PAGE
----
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Antimalarial drug may have killed 17,000 people in first Covid-19 wave

About 17,000 people may have died in six countries after using antimalarial drug hydroxychloroquine during the first wave of the Covid-19 pandemic, according to a study.

HQ Team

January 8, 2024: About 17,000 people may have died in six countries after using antimalarial drug hydroxychloroquine during the first wave of the Covid-19 pandemic, according to a study.

The drug was prescribed off-label in 2020 and the median number of hydroxychloroquine-related deaths was 240 in Belgium, 95 in Turkey, 199 in France, I1,822 in Italy, 1,895 in Spain, and 12,739 in the US.

new study published in Biomedicine & Pharmacotherapy was led by Jean-Christophe Lega, a Professor of Therapeutics in the Lyon, France hospital system. It revisited studies conducted in France, the US, Belgium, Italy, Spain, and Turkey from March 2020 until July 2020.

We conducted a systematic review and a meta-analysis of cohort studies to estimate the mortality rates and the proportion of HCQ exposure in hospitalised patients in each country represented in the available studies,” the authors wrote.

The researchers obtained hospitalisation records from each country through the dedicated databases from the beginning of the pandemic in each country — March 2020 onward until 17th July 2020.

‘Tip of the iceberg’

The main finding of the present study is that hydroxychloroquine might have been associated with an excess of 16,990 deaths during the first wave of the Covid-19 pandemic.

Given the reliable data on hospitalisations, drug use and in-hospital mortality for most countries, these numbers likely “represent the tip of the iceberg” thus largely underestimating the number of drug-related deaths worldwide.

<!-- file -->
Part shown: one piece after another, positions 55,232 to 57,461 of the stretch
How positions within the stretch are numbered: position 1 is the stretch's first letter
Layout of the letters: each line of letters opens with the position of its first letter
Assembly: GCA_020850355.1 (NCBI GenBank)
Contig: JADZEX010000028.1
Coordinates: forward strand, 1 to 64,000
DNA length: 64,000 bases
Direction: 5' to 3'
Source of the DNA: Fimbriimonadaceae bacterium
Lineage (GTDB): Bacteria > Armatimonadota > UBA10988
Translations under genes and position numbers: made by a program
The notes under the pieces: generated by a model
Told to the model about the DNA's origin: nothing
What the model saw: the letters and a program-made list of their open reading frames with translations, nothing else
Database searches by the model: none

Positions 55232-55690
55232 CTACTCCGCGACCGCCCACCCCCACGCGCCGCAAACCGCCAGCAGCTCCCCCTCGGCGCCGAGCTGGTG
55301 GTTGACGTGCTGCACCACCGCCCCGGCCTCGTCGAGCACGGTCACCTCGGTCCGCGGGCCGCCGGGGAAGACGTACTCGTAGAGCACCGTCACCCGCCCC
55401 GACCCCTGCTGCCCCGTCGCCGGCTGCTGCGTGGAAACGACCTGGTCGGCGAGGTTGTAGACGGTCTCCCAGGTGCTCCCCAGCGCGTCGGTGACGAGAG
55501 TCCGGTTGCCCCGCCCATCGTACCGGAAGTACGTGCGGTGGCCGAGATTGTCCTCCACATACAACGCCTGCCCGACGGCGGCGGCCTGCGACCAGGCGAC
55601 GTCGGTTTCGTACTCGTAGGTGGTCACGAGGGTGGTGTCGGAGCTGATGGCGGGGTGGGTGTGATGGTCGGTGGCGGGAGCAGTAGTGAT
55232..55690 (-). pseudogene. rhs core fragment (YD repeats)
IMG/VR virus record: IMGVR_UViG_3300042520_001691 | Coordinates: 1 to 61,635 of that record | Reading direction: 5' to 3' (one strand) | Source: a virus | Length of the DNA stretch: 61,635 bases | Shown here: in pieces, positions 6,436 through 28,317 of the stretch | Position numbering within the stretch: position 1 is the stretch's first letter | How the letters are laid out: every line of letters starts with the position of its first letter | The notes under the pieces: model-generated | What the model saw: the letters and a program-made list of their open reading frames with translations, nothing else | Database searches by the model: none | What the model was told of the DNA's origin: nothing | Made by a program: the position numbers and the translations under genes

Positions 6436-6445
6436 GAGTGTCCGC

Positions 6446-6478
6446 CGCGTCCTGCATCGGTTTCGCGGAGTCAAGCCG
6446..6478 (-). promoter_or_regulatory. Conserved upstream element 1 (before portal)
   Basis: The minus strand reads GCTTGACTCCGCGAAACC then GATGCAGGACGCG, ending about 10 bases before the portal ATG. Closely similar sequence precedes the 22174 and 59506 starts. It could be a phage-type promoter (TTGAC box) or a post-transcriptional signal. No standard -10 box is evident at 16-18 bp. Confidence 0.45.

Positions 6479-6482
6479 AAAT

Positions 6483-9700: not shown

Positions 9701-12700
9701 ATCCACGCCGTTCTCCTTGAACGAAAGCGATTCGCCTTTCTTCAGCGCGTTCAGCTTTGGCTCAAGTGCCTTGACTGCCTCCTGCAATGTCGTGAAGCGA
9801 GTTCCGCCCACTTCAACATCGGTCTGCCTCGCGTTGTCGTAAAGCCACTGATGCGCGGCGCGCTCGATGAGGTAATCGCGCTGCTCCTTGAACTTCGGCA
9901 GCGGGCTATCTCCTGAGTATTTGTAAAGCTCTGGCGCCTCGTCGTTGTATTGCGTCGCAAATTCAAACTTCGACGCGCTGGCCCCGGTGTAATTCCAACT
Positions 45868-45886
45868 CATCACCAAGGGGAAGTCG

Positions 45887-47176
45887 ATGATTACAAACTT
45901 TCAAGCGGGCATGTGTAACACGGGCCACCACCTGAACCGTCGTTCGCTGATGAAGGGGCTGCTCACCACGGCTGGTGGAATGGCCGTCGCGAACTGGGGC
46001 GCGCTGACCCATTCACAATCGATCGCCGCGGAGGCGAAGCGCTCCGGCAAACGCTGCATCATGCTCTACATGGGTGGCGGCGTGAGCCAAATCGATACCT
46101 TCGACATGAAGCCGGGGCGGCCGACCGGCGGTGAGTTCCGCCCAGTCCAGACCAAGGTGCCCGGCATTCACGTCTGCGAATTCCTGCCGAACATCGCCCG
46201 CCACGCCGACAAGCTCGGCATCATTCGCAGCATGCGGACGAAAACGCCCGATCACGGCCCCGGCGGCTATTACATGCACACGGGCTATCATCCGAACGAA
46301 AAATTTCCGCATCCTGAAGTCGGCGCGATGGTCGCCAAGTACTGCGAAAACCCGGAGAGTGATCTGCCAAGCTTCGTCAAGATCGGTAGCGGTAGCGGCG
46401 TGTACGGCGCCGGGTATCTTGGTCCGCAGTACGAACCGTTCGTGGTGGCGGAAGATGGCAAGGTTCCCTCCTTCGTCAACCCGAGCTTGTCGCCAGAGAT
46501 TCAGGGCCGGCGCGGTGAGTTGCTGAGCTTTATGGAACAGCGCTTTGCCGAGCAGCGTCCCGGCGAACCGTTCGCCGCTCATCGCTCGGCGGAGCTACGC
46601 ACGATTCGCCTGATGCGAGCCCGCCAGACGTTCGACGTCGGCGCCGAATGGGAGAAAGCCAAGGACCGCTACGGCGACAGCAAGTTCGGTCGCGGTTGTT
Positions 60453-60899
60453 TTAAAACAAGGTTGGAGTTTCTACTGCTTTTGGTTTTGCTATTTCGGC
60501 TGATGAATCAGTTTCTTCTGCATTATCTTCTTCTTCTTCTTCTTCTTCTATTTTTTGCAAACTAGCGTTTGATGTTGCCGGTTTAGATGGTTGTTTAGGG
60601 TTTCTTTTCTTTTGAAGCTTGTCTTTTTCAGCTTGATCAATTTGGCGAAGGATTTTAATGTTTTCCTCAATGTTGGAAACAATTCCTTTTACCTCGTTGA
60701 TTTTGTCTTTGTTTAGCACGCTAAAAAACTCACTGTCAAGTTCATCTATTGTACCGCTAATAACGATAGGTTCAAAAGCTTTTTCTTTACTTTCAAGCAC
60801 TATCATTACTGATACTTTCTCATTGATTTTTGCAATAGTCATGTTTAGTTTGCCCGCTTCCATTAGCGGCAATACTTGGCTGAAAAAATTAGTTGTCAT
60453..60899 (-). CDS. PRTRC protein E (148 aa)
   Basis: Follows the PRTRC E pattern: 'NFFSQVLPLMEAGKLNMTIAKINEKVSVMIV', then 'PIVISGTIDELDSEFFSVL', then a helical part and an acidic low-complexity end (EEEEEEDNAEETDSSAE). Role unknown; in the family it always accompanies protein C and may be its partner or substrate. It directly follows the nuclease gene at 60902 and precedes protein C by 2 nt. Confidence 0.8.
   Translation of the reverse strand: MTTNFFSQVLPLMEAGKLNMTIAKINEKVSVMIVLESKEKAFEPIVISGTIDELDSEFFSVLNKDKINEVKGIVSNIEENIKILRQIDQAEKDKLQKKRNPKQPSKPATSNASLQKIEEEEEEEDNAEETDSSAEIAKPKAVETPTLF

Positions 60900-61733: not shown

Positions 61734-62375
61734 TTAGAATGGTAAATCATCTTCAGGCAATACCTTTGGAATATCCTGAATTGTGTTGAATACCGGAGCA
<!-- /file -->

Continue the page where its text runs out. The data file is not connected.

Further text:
Hydroxychloroquine, a 4-aminoquinoline drug used to treat malaria and autoimmune rheumatic diseases, inhibits viral replication by increasing the pH of the endosome used for cell entry. 

In addition, hydroxychloroquine may interfere with angiotensin-converting–enzyme 2 glycosylation, which is the cellular receptor of SARS-CoV-2.

During the first wave of the pandemic, off-label use of the drug had been proposed as a treatment option for Covid-19. 

Unfavourable risk-benefit balance

Subsequent studies documented however an unfavourable risk-benefit balance, including a trial that showed a significant increase in cardiac mortality as well as a trend for increased all-cause mortality risk with hydroxychloroquine.

“In a meta-analysis of 14 trials testing HCQ in hospitalised patients with various doses, HCQ was associated with an 11% increase in all-cause mortality.”

The US Food and Drug Administration had issued an emergency use authorisation of hydroxychloroquine in March 2020 but revoked it in June.  The drug was found in particular to cause severe side effects such as heart rhythm abnormalities.

“What we need to bear in mind is that this is a rough estimate, in the sense that it only concerns a few countries over a short period, and that the total number of deaths is probably much higher,” Lega told French broadcaster France 3.

Regions such as East Europe, the United Kingdom, Germany, Scandinavia, Africa, and South America did not form a part of the study.

The results should be taken with caution as it is a statistical analysis. One limitation of the study was that in France, Turkey, and Belgium, in particular, data concerning exposure to the drug was scarce.

“This result argues in favour of tightly regulating access to off-label prescriptions during future pandemics,” the researchers wrote.

About seven million people have died so far due to Covid-19 disease. A new variant JN.1 is currently in circulation globally.


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